20 September 2011

Doc Webster reminisces

Bill ”Doc” Webster was a find. He leads a band that he calls Jazz Nostalgia but it deserves weightier significance. Doc gives us authentic jazz history: from talking through the lyrics and their meanings and from stories around the songwriters and original performers. So when he plays the tunes they take on this extra weightiness and purpose amidst their joyous and entertaining performance. For Doc has a decent voice that he uses very well with his nicely warbling vibratos that end the lines and the gravelly Louis voice that he toys with and the nicely stretched high notes that he reaches with a pleasant strain, all matching with a tenor sax that he wields with a bluesy authority.

This night we heard of Louis Jordan and Saturday Night Fish Fries and raids by cops. Also Fats Waller and the link between music publication and the song What did I do to be so black and blue and the reason why If you’re a viper is so funny. Then on to crooners and Nat King Cole and Brian Eckstein and My foolish heart and Ray Charles and I got a woman out of the Negro spiritual, There’s a man going ‘round, countin’ names. Then Cole Porter and Anything goes and Route 66 and even Girl from Ipanema in a strange change from black American music.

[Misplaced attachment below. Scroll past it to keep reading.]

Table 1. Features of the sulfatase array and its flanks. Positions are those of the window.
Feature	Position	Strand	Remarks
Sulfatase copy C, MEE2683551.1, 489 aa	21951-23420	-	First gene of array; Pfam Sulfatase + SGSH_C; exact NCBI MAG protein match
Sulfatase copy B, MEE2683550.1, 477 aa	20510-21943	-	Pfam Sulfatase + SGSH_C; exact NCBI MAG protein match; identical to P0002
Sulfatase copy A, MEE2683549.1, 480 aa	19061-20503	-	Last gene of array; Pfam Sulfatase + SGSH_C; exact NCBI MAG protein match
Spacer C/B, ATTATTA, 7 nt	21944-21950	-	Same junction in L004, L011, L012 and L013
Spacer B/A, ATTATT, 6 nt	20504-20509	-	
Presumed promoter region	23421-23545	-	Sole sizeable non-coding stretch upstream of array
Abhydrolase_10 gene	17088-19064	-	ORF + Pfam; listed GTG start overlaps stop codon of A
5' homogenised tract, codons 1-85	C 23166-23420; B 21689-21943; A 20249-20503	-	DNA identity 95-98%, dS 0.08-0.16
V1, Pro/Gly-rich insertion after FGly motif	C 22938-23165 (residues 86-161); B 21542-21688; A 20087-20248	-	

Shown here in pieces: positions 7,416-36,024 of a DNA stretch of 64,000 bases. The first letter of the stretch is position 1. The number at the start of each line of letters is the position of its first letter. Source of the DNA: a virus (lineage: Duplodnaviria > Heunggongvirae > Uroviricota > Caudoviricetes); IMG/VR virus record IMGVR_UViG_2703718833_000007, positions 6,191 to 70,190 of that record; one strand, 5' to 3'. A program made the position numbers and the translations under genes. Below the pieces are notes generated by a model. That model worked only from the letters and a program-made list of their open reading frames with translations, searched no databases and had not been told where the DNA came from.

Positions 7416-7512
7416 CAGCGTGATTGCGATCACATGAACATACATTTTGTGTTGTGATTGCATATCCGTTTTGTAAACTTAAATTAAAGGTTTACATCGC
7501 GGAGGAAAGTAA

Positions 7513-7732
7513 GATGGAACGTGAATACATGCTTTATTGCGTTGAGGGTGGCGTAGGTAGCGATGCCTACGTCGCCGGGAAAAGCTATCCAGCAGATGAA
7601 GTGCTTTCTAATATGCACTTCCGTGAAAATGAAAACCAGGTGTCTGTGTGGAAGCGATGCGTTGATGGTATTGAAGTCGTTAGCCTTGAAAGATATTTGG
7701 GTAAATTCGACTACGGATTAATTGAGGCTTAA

This was all of an education, a humour routine and some nicely laid back music and singing. A great night and a memorable experience. Memorable also because I got to sit in, so my first West Coast performance, playing What’s new in Eb. Thanks to Doc for the offer and to bassist Leslie for the bass loan. And cheers to Sarah who I chatted to for the night. Bill ‘Doc’ Webster (voice, tenor) led Jazz Nostalgia with Vaughan Johnson (piano), Leslie Thorne (bass) and Doug Kassell (drums) at a very busy Les Joulins Jazz Bistro, San Francisco.

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